Here’s a conceptual puzzle. Italian masters Paolo and Vittorio Taviani, filming convicts in Rome’s high-security Rebibbia Prison as they prepare to stage a performance of Shakespeare’s “Julius Caesar,” have made a film somewhere between documentary and neo-realist drama.
We meet the real inmate/actors, a band of drug runners and killers for whom Mark Antony’s refrain about “men of honor” surely carries Mafioso reverberations. The performances these hard men offer in their auditions for the play, and finally onstage before a civilian audience, are nothing less than riveting.
Salvatore Striano as Brutus, Giovanni Arcuri as Caesar and the rest sear the screen. Their emotions surge and break like monsoon waves; they are completely committed to the reality of their roles. Perhaps this should not surprise us. These are killers, drug runners and career con men, after all. Their livelihood depends on hoodwinking the gullible.
Equally engrossing are the playful offstage scenes when, we imagine, the men are off-script. Their feuds and anxieties, hopes and ego conflicts are almost as rich and crisply phrased as the Shakespearean disputes. Is this brilliant Italian ad-libbing, or a play-within-a-play a la “Hamlet” and “A Midsummer Night’s Dream”?
Some moments must have been staged. At one point a player testing the seats in the empty auditorium caresses a cushion and daydreams aloud, “Maybe a woman will sit on it.” Cosimo Rega, the play’s formidable Cassius, reflecting on the experience of reading, debating and performing Shakespeare, declares, “Since I’ve come to know art, this cell has become a prison.”
The Tavianis clearly illustrate the contrast between the actor’s absolute freedom and the limitations of penitentiary life. The film’s opening and closing sections, showing the prisoners’ triumphant performance, are shot in rich color. The stage, backed by scarlet curtains, is wide and deep enough to allow the men free range of movement. The long middle passage, in which the actors work with stage director Fabio Cavalli and one another to refine their characters, is done in lush, high-definition black and white. The rehearsal areas are constricted rooms with walls of raw concrete. It’s a thrilling moment when Antonio Frasca, playing Mark Antony, gives his eulogy over the fallen Caesar in the exercise yard, as an ad hoc chorus of inmates hoot for revenge from their onlooking cells.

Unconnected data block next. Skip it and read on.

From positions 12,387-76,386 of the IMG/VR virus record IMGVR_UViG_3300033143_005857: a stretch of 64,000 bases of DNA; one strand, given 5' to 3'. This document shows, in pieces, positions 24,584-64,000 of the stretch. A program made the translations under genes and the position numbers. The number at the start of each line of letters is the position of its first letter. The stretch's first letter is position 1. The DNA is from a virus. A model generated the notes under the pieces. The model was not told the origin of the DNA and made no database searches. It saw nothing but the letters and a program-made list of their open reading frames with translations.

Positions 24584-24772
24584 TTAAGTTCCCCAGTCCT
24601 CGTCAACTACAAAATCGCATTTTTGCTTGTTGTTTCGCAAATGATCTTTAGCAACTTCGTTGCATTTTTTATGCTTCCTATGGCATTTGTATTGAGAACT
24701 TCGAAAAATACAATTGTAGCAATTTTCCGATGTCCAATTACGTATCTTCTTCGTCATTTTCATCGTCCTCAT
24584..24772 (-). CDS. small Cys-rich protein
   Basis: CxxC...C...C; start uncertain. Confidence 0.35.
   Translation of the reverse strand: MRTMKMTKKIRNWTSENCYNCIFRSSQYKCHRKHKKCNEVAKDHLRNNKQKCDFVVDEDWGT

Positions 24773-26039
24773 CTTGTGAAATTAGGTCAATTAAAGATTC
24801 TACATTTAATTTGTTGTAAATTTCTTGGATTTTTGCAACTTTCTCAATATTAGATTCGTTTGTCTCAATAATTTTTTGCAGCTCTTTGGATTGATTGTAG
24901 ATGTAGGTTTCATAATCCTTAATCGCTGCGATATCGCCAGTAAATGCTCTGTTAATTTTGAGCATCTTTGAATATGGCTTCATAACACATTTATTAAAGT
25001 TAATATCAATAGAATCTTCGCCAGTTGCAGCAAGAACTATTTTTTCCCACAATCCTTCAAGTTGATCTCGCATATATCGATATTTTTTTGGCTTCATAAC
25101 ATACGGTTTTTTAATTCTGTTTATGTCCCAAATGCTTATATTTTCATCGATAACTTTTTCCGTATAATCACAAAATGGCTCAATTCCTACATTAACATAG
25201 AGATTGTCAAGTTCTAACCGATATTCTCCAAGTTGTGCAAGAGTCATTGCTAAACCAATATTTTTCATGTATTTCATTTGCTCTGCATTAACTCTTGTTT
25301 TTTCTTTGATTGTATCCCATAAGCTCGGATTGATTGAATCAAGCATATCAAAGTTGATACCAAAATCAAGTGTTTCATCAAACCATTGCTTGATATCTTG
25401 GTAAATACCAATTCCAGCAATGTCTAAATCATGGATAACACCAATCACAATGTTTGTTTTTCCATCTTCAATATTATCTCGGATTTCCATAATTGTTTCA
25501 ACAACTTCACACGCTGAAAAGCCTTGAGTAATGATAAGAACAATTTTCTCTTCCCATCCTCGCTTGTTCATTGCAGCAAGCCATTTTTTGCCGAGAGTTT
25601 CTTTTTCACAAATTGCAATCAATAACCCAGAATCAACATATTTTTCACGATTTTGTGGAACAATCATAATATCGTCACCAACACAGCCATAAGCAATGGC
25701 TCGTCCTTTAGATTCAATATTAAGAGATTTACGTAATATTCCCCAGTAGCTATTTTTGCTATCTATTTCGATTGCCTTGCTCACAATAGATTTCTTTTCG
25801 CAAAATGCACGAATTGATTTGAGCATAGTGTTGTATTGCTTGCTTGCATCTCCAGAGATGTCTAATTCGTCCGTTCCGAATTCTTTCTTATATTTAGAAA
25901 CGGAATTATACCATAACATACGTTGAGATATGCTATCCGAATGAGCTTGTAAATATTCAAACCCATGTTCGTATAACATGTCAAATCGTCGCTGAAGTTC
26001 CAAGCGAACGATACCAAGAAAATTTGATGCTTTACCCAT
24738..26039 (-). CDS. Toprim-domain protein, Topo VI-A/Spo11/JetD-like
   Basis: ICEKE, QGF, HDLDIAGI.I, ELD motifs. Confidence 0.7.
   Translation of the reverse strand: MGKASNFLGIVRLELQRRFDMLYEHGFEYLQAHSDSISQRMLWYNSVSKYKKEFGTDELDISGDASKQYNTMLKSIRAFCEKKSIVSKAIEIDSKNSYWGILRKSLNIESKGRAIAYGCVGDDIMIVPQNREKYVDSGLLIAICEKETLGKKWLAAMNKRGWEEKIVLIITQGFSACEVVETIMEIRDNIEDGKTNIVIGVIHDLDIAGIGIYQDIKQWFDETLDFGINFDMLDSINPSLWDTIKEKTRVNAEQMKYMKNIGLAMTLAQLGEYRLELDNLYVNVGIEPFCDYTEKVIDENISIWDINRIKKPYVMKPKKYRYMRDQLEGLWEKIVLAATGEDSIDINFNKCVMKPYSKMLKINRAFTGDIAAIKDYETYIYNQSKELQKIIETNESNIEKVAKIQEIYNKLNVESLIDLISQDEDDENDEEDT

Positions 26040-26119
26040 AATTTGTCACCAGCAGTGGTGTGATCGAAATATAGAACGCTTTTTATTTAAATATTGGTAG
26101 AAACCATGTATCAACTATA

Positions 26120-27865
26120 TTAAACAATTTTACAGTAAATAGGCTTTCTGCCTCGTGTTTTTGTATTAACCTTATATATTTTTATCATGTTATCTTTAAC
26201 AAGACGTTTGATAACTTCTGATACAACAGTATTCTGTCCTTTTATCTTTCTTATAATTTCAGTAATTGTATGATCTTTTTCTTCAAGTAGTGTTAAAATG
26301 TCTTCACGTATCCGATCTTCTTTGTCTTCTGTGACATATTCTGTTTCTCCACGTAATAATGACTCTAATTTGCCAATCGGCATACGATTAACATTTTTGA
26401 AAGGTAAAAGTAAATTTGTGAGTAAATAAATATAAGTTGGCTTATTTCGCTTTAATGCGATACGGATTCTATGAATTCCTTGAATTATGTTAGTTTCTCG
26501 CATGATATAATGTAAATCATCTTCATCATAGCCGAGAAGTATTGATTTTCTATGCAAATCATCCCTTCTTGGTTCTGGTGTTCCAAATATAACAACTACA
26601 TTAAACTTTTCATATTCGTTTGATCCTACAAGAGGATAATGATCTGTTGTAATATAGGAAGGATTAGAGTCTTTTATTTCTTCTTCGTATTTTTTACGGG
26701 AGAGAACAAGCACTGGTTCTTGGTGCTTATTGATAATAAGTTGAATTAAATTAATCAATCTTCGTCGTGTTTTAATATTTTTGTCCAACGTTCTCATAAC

The demarcations between life caught on the fly and performance are never clear. What is certain is how powerfully the actors, trapped in tragedies of their own making, relate to “Caesar’s” tale of deceit, betrayal and backstabbing. Are the prisoners seeing themselves in the mirror of timeless literature? Channeling their own antisocial passions into something of value?
The Tavianis, who have made dramas and documentaries as a team since the 1960s, refuse us the comfort of easy classifications. They understand that ambiguity and mystery are more interesting than certainty.
The final credits reveal each prisoner’s crimes, sentence and life history since their “Julius Caesar” was filmed. Two were motivated to write books. One, who earned a pardon, was inspired to become a professional actor. If you check his filmography to learn the date of his release, you will discover another of the Tavianis’ nesting surprises. “Caesar Must Die,” which won the Golden Bear at the 2012 Berlin Film Festival, is a box of tricks that keeps on giving.